First published on Timberbiz
A new international study in a global scientific journal has recognised plantation trees as the best source for storing carbon and providing climate change mitigation in comparison to other types of tree plantings.
The peer-reviewed Nature Communications journal has published a study that plantation trees deliver almost three times more carbon abatement over 100 years than environmental plantings, Chief Executive Officer of the Australian Forest Products Association (AFPA), Ross Hampton said.
“This study confirms that trees planted for harvesting will deliver more benefits for the environment than trees planted for environmental purposes. The climate implications are significant, up to 269% more carbon is captured by plantation trees and 17% more than achieved by leaving a newly planted fast-growing conifer forest unharvested.
“There are programs that provide incentives for farmers to plant biodiversity plantings for carbon purposes but no programs that incentivise farmers to plant plantation trees. This must be rectified, the biggest asset to Australia’s storage of carbon is being left on the sidelines.”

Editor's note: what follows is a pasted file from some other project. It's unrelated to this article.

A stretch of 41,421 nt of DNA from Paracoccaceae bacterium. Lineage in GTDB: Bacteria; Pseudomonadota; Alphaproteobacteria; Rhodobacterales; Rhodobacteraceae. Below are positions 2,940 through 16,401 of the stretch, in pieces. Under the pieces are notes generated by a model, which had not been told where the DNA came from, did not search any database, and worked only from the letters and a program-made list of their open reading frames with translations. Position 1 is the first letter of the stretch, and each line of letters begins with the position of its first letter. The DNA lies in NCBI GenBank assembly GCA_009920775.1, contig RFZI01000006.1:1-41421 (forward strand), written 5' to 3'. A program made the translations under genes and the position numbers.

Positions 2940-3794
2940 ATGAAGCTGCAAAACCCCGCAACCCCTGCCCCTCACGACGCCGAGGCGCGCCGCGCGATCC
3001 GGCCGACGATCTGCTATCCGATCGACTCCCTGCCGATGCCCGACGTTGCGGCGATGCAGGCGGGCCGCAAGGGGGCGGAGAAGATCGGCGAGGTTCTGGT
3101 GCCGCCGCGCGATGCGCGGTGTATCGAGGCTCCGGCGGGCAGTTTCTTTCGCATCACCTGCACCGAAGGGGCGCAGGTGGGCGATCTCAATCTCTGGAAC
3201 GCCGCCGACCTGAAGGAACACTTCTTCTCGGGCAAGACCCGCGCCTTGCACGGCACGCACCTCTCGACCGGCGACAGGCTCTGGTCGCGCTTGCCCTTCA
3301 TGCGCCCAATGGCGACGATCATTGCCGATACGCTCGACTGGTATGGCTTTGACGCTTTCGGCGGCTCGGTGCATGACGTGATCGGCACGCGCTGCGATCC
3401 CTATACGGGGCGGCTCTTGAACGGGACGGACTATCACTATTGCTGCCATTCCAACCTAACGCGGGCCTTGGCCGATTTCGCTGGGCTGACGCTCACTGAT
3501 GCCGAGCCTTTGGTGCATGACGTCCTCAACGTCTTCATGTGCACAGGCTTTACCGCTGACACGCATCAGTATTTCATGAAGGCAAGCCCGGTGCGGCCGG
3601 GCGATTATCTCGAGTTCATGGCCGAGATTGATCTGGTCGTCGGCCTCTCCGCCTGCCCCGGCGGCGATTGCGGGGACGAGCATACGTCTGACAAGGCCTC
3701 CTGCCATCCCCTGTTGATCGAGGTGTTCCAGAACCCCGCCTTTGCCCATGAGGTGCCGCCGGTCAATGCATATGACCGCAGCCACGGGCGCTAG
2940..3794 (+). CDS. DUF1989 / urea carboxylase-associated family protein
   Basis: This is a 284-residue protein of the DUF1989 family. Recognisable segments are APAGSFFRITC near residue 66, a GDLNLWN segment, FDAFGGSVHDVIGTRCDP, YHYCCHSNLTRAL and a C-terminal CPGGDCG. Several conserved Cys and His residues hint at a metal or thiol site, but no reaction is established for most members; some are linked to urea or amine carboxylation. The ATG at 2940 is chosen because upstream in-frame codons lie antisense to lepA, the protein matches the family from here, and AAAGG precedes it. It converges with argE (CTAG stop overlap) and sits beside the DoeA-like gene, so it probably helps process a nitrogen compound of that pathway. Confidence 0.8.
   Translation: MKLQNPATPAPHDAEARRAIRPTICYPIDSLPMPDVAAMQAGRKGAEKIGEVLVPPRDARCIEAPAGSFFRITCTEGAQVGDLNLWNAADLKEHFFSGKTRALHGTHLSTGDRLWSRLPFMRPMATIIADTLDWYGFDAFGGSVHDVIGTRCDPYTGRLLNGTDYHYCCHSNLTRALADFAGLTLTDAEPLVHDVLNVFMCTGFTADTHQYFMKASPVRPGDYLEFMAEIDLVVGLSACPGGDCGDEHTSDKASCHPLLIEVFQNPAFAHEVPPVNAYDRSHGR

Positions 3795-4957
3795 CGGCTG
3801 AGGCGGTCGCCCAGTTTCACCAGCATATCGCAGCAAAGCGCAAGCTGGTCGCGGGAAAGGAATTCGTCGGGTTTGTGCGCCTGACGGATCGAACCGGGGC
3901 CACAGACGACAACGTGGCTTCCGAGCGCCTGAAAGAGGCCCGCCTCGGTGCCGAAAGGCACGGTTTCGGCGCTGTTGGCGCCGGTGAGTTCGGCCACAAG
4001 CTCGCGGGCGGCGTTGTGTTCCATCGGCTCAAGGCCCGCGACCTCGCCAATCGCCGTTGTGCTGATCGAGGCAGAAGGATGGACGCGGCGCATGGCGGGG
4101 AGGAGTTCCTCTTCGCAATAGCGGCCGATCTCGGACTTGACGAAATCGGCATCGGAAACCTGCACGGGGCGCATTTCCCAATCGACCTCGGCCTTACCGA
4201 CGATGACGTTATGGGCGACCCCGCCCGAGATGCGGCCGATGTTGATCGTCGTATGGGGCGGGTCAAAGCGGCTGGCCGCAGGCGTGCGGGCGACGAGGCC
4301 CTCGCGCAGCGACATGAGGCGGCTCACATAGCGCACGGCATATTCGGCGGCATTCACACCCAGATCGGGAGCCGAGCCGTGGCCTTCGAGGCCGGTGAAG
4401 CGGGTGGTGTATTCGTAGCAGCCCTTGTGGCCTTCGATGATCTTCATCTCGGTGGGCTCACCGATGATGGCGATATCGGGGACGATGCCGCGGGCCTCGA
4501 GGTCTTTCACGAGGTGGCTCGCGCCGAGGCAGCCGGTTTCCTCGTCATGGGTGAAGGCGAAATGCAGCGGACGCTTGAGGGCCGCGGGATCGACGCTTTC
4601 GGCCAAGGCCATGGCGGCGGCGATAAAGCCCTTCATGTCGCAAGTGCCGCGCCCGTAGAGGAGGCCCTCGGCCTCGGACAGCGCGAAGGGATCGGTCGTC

We already know that when trees are manufactured, they continue to store carbon, now we also know that as plantation trees grow, they store more carbon than any other type of planting. Plantation trees are necessary to fight climate change and move towards net-zero by 2050.
The finding that plantation trees store more carbon than environment trees is a win for all. Plantation trees can store carbon and when ready they can be harvested, this gives both the environment and the grower an additional incentive over environmental plantings.
“Australia has never needed to plant more trees than right now; it is experiencing a serious supply constraint for timber framing off the back of the current building boom. We need to be doing all we can to ensure that more plantation trees are planted to allow us to build homes that will house future generations of Australians,” Mr Hampton concluded.
See the study at https://www.nature.com/articles/s41467-021-24084-x